What it takes to meet housing targets, despite the odds
What it takes to meet housing targets, despite the odds
Inside Government is a newsletter written by Premier Helen Zille.
Inside Government: What it takes to meet housing targets, despite the odds
Last week I read a story in one of the Cape’s newspapers with the headline ‘W Cape housing budget slashed'.
I was taken aback, as this was the first I’d heard of an alleged housing ‘budget slash’. Had it been true, I would normally have been the first to know through our Minister of Human Settlements, Bonginkosi Madikizela.
Reading the story further, I realised the article gave the wrong impression.
It reported that almost R120 million had been ‘slashed’ from municipal housing budgets by the province, which manages the grant funding for housing disbursed each year by national government.
This gave the false impression that the province is failing to spend millions allocated for housing, which is now lost for good. This is not so.
What is true, is that every year, projects in various towns progress at differential rates, for a variety of reasons. So every year, we reallocate budget from projects that are moving slowly (and will not utilise their full budget during the financial year) to those that are moving more quickly and require additional funds. It is often impossible to predict this when we draw up budgets a year in advance.
This method of shifting funds (through proper legislative processes) ensures that we spend almost 100% of our provincial housing budget every year.
The municipalities cited in the article as having had their housing budgets reduced this year are George (R40 million), Mossel Bay (R20 million), Oudtshoorn (R20 million), Swellendam (R16 million), Stellenbosch (R15 million), Bergrivier (R7 million) and Cederberg (R2 million).
This money was not “lost” to housing. It was shifted to other projects, in other Western Cape towns. And all the housing projects from which funds were shifted, will have their readiness reassessed in the mid-term budget adjustments. Funds will then be allocated accordingly.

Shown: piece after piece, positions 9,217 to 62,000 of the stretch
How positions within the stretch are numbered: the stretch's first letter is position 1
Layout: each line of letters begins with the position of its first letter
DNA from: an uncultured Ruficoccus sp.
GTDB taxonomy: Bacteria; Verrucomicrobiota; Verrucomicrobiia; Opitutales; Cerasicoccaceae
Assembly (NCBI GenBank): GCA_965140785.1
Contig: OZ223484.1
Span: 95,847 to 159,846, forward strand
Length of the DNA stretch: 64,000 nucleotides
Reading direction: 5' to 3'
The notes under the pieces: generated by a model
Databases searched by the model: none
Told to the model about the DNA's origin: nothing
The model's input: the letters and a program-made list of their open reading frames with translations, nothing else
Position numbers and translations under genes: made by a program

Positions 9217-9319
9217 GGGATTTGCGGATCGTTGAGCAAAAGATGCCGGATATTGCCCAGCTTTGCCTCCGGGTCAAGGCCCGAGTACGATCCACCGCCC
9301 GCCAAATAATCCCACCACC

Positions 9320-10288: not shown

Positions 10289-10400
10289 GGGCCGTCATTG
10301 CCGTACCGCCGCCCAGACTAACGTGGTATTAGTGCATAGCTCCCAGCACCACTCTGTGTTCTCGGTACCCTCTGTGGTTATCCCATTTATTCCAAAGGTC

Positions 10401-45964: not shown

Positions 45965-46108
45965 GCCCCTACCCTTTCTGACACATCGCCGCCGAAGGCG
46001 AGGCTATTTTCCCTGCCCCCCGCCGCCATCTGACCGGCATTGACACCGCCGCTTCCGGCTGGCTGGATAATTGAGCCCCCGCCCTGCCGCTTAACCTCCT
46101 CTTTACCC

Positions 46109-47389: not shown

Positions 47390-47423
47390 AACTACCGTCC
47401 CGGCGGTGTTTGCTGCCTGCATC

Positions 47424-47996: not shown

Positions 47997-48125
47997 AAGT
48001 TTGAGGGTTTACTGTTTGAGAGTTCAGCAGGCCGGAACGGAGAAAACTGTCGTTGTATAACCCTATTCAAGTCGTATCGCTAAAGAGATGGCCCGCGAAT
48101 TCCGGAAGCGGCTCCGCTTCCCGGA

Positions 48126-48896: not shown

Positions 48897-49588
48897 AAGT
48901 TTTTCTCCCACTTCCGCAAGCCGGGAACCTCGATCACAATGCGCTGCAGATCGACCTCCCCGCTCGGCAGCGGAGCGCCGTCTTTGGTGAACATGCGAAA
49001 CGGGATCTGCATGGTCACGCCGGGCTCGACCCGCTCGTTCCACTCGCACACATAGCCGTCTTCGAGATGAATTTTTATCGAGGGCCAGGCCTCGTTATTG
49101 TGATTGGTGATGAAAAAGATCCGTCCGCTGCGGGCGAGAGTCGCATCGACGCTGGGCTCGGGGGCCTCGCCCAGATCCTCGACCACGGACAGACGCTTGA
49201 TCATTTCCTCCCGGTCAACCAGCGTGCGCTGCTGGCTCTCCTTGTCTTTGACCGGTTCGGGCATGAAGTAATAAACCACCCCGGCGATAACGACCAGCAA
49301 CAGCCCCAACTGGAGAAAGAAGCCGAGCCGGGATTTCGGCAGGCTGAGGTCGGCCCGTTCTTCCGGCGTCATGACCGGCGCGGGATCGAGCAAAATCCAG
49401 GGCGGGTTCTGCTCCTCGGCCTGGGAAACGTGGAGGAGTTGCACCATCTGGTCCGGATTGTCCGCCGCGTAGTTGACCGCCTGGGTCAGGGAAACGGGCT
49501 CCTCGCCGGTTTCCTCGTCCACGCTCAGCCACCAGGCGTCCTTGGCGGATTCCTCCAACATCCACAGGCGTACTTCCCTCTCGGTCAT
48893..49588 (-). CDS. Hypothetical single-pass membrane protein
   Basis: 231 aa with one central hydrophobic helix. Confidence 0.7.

That is the only way we can align budgets to the unforeseen factors that occur in real life, on the ground, during a complex multi-million Rand housing development.
This is how we ensured that we spent almost 100% of the nearly R2 billion allocated for housing in the last financial year, through the Human Settlement Development Grant.
We also exceeded our annual targets, delivering close to 18 000 housing opportunities last year. And we did it with a clean audit for our Human Settlements Department.
This is no small feat for a sector so fraught with obstacles, interminable bureaucracy and complex legislation.
To understand how housing delivery works, one needs to start with the Constitution, and the laws arising from it. This once again demonstrates how essential co-operative governance is.
Section 26 of the Bill of Rights tasks the state with progressively realising the right to adequate housing through “legislative and other measures”.
Provincial governments derive their housing mandate from Schedule 4 of the Constitution, which lists housing delivery as a shared legislative function of national, provincial and local government.
Arising from the Constitution is the national “Housing Act”, with section 3 (2) vesting the power to set housing policy with the national Human Settlements Minister.
A provincial government’s role is then to do everything in its power to facilitate the “provision of adequate housing”, but only within the framework of national housing policy, according to Section 7 (1) of the Act.
Municipalities are responsible for including housing in their development plans, providing the basic services needed for housing delivery, and resolving the many community and labour conflicts that may threaten new housing developments (Section 9).